ISSN 0439-755X
CN 11-1911/B

Acta Psychologica Sinica ›› 2019, Vol. 51 ›› Issue (4): 415-427.doi: 10.3724/SP.J.1041.2019.00415

• Special Column: Behavioral decision-making is nudging China toward the overall revitalization • Previous Articles     Next Articles

The backfire effect of default amounts on donation behavior in online donation platform

FAN Yafeng1,JIANG Jing2(),CUI Wenquan3   

  1. 1 School of Business and management, Tsinghua University, Beijing 100084, China
    2 School of Business, Renmin University, Beijing 100872, China
    3 China Mobile Internet Co., Ltd., Guangzhou 510640, China
  • Received:2017-07-16 Published:2019-04-25 Online:2019-02-22
  • Contact: Jing JIANG


Increasingly, people are turning to the online donation platform as their preferred means of giving. Thus, determining how donors’ donation intention on the web can be improved has been increasingly emphasized. However, few studies have explored how the option settings of online donation platform affect individuals’ donation behavior. Based on the literature of default effect and marketplace metacognition, we proposed that default amounts (high vs. low) have negative effect on donation intention in an online call-for-donation message. High default amounts (vs. low default amounts) led to lower donation intention, because it triggered individuals’ perceived inference of manipulation. This study also examined the moderating role of individuals’ moral identity in the aforementioned effect.

Four studies were conducted to test the hypotheses. Study 1 was designed to test the main effect of default amounts on donation behavior. Participants were assigned randomly to two conditions (high vs. low amount) in the lab setting. They first read a call-for-donation message that introduced a fictitious donation request (to build libraries) from a fictitious online charitable organization. Four amount options were then presented with ¥12 as default in the high amount condition and ¥5 in the low amount condition. Finally, their donation intentions and actual donation behavior were measured. Study 2 validated the results of Study 1 by conducting a field study among part-time MBA students. In Study 3, we employed a three-group (default option: high-amount vs. low-amount vs. no default) between-subjects design to examine the mediating role of perceived inference of manipulation, while ruling out the potential explanations of reactance and emotions. Study 3 was conducted online using a different donation message. Study 4 examined further the moderating role of individual’s moral identity using a two (default option: high-amount vs. low-amount) × two (moral identity: high vs. low) between-subjects design. Moral identity was manipulated by instructing participants to copy nine moral-related words (vs. ordinary words) twice and write a related story.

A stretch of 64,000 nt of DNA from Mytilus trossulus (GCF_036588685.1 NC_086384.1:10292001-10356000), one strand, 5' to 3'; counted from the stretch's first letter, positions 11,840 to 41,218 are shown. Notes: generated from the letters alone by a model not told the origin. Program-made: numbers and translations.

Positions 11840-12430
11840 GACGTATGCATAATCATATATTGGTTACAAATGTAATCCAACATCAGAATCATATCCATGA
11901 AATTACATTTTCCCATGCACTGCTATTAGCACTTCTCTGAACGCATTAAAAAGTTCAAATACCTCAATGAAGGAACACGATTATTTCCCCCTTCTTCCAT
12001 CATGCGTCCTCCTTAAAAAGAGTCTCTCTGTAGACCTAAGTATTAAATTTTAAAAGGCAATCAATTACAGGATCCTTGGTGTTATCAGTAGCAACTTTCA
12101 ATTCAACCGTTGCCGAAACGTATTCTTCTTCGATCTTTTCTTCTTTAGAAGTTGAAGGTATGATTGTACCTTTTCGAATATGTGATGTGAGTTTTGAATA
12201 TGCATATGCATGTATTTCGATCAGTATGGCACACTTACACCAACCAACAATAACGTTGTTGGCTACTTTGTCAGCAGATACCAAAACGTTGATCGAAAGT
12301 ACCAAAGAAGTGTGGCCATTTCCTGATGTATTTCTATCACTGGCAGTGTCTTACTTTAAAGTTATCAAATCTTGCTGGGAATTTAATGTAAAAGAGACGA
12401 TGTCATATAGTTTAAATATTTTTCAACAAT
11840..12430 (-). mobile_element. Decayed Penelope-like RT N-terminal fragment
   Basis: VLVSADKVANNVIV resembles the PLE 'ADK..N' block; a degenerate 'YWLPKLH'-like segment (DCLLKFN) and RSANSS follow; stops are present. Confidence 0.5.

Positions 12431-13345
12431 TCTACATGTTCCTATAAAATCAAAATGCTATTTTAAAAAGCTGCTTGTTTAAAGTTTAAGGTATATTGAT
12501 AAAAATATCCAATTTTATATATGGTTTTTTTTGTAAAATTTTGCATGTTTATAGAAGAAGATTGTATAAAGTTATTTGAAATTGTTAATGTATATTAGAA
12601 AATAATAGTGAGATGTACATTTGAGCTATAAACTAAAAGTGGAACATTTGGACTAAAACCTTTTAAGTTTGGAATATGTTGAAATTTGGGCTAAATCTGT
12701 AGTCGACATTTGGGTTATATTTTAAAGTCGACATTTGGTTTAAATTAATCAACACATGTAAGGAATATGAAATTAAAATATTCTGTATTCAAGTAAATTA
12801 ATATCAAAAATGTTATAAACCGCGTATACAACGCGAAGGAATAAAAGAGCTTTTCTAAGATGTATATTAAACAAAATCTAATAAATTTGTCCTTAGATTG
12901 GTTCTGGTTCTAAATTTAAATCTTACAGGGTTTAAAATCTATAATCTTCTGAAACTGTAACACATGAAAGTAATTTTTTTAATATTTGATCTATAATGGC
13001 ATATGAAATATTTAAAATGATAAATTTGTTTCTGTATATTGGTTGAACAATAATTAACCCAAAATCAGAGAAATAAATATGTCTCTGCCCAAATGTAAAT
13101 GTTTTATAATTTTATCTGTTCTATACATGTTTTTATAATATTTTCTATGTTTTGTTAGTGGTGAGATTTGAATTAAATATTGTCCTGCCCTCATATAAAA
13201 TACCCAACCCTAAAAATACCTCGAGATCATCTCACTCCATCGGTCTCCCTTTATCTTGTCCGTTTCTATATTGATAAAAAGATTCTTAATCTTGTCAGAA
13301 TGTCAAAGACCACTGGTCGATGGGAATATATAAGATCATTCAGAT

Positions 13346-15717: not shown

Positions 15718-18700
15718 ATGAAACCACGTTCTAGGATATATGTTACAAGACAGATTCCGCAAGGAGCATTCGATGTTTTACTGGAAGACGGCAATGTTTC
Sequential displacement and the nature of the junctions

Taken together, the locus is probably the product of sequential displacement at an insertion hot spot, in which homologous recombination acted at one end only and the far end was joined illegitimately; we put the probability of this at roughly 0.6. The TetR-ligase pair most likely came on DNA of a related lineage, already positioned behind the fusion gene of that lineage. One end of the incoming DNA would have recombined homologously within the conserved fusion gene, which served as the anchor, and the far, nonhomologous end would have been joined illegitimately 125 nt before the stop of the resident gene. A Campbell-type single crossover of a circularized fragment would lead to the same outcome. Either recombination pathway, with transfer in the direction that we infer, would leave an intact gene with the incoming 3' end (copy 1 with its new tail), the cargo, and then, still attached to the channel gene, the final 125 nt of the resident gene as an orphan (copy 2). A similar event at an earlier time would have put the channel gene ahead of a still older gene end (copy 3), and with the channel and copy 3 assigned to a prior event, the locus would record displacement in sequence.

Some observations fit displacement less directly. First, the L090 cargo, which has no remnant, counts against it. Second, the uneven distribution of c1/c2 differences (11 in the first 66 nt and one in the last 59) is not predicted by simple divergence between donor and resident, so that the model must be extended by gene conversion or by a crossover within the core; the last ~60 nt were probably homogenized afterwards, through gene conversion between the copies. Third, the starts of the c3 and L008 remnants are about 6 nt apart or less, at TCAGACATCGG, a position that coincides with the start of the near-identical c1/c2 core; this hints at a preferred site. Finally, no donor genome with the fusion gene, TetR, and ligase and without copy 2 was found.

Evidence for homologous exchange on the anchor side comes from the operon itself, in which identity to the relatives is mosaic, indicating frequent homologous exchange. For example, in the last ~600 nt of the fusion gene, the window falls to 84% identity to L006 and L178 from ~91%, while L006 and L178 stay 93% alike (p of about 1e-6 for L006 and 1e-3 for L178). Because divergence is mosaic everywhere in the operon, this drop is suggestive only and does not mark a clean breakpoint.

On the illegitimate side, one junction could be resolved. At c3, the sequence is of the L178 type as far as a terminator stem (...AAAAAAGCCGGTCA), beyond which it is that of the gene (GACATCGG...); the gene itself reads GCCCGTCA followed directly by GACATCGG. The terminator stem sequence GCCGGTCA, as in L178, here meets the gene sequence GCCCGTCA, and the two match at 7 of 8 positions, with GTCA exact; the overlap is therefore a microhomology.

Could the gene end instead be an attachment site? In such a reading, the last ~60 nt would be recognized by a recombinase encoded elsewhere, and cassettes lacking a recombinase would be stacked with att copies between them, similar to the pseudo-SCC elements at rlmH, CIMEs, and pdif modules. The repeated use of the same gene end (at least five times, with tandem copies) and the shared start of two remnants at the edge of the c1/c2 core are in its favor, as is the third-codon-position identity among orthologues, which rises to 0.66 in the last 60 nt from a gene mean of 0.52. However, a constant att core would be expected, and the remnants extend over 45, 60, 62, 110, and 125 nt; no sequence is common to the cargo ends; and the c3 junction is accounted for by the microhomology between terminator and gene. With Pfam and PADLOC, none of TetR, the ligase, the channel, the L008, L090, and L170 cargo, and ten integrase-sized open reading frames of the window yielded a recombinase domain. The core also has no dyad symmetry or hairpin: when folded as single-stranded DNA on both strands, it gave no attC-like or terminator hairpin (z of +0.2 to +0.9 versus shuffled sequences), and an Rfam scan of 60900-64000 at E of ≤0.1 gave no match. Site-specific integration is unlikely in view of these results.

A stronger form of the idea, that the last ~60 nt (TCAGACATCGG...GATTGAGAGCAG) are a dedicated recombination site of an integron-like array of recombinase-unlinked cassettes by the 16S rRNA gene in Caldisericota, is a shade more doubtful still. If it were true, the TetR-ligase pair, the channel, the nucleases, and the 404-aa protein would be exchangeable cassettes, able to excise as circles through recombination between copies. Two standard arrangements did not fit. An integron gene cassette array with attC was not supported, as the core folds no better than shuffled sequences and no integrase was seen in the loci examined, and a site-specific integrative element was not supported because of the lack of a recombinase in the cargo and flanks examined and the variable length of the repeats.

In line with our predictions, high default amounts (vs. low default amounts) led to lower donation intention and lower donation amounts, driven by perceived inference of manipulation. This effect was robust by using both student and non-student samples, different call-for-donation messages, and different default amounts. Our results also revealed the significant moderating role of moral identity. The default amount effect was only significant when individuals were primed with low moral identity (vs. high moral identity).

Our findings contribute to literature in several different areas. First, by examining how default amount influences individual’s donation behavior, this research extends the default effect in the donation decision area. Second, our findings shed light on the default effect by exploring the backfire effect and its underlying mechanism of default options. Third, the current research contributes to donation decision literature by proposing that options settings (i.e., default amount) is a meaningful influencing factor that may elicit a negative effect on donation. Finally, we also extend the application of moral consistent theories in default effect research.

Key words: default amounts, perceived inference of manipulation, donation intention, moral identity, (backfire) default effect

CLC Number: